Measles Virus Wipes Out Woman's Cancer: Could This Be the Future of Cancer Treatment?
A massive dose of the measles virus has put a woman’s blood cancer into remission.
In a clinical trial, researchers at Mayo Clinic administered a multiple myeloma patient with enough virus to inoculate 10 million people. After battling cancer for 10 years, the patient, Stacy Erholtz, is currently cancer-free.
"My mindset was I didn't have any other options available, so why wouldn't I do it? It was the easiest treatment by far with very few side effects. I hope it's the future of treating cancer infusion,” Erholtz said, according to USA Today.
"The idea here is that a virus can be trained to specifically damage a cancer and to leave other tissues in the body unharmed," the lead study author, Stephen Russell, M.D., Ph.D., a Mayo Clinic hematologist, explained to CNN.
What Is Virotherapy?
“For 10 to 15 years we’ve known that viruses kill cancer cells,” says John Sweetenham, M.D., a hematologist at University of Utah’s Huntsman Cancer Institute. The science of re-engineering viruses to fight cancer is known as virotherapy.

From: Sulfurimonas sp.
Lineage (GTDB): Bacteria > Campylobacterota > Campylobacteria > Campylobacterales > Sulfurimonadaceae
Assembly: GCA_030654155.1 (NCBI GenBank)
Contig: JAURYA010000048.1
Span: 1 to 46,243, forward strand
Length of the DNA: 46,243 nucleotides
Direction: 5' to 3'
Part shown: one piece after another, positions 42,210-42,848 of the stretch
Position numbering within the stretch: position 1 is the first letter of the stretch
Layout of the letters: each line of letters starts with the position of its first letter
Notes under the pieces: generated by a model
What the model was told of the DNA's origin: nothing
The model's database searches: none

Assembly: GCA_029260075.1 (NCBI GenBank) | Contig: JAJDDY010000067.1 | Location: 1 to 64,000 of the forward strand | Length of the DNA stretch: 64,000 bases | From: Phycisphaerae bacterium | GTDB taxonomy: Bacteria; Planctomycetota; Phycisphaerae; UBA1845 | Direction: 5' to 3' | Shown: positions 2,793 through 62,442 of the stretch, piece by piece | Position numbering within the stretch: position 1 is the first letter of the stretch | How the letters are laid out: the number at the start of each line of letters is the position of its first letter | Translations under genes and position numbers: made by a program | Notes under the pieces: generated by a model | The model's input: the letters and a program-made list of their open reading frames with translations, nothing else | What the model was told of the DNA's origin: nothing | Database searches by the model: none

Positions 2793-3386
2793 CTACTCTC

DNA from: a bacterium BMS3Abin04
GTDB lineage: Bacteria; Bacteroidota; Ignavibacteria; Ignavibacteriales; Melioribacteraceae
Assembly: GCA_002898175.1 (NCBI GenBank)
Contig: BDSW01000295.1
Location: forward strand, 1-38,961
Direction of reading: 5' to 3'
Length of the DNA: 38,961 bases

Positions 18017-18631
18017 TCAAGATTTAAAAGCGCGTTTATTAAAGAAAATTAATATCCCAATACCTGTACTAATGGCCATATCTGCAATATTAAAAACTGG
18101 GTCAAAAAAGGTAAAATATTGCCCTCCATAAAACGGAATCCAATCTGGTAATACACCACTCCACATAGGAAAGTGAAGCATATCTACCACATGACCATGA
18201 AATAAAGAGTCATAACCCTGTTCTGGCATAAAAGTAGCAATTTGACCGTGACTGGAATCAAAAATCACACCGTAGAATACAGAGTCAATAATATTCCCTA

Sweetenham says some cancers are more receptive to viruses than others. In this case, the pairing of the measles virus and the cancer type were fortuitous in that the virus worked to hijack the cancer cells’ ability to reproduce, and effectively, kill the cancer.
But another patient who received the treatment did not go into remission, which leaves many questions unanswered—namely, can viruses help other cancer patients?
“We will have to wait and see if the trial is meaningful,” Sweetenham says. “I think we need two to three years before we’ll have a better understanding of how broadly applicable it is.”
Mayo Clinic is moving into phase two of its clinical trial, which means testing more patients. It hopes to seek Food & Drug Administration approval within four years, and to understand how this treatment will work for other types of cancers.
"We recently have begun to think about the idea of a single shot cure for cancer—and that's our goal with this therapy," Russell told CNN.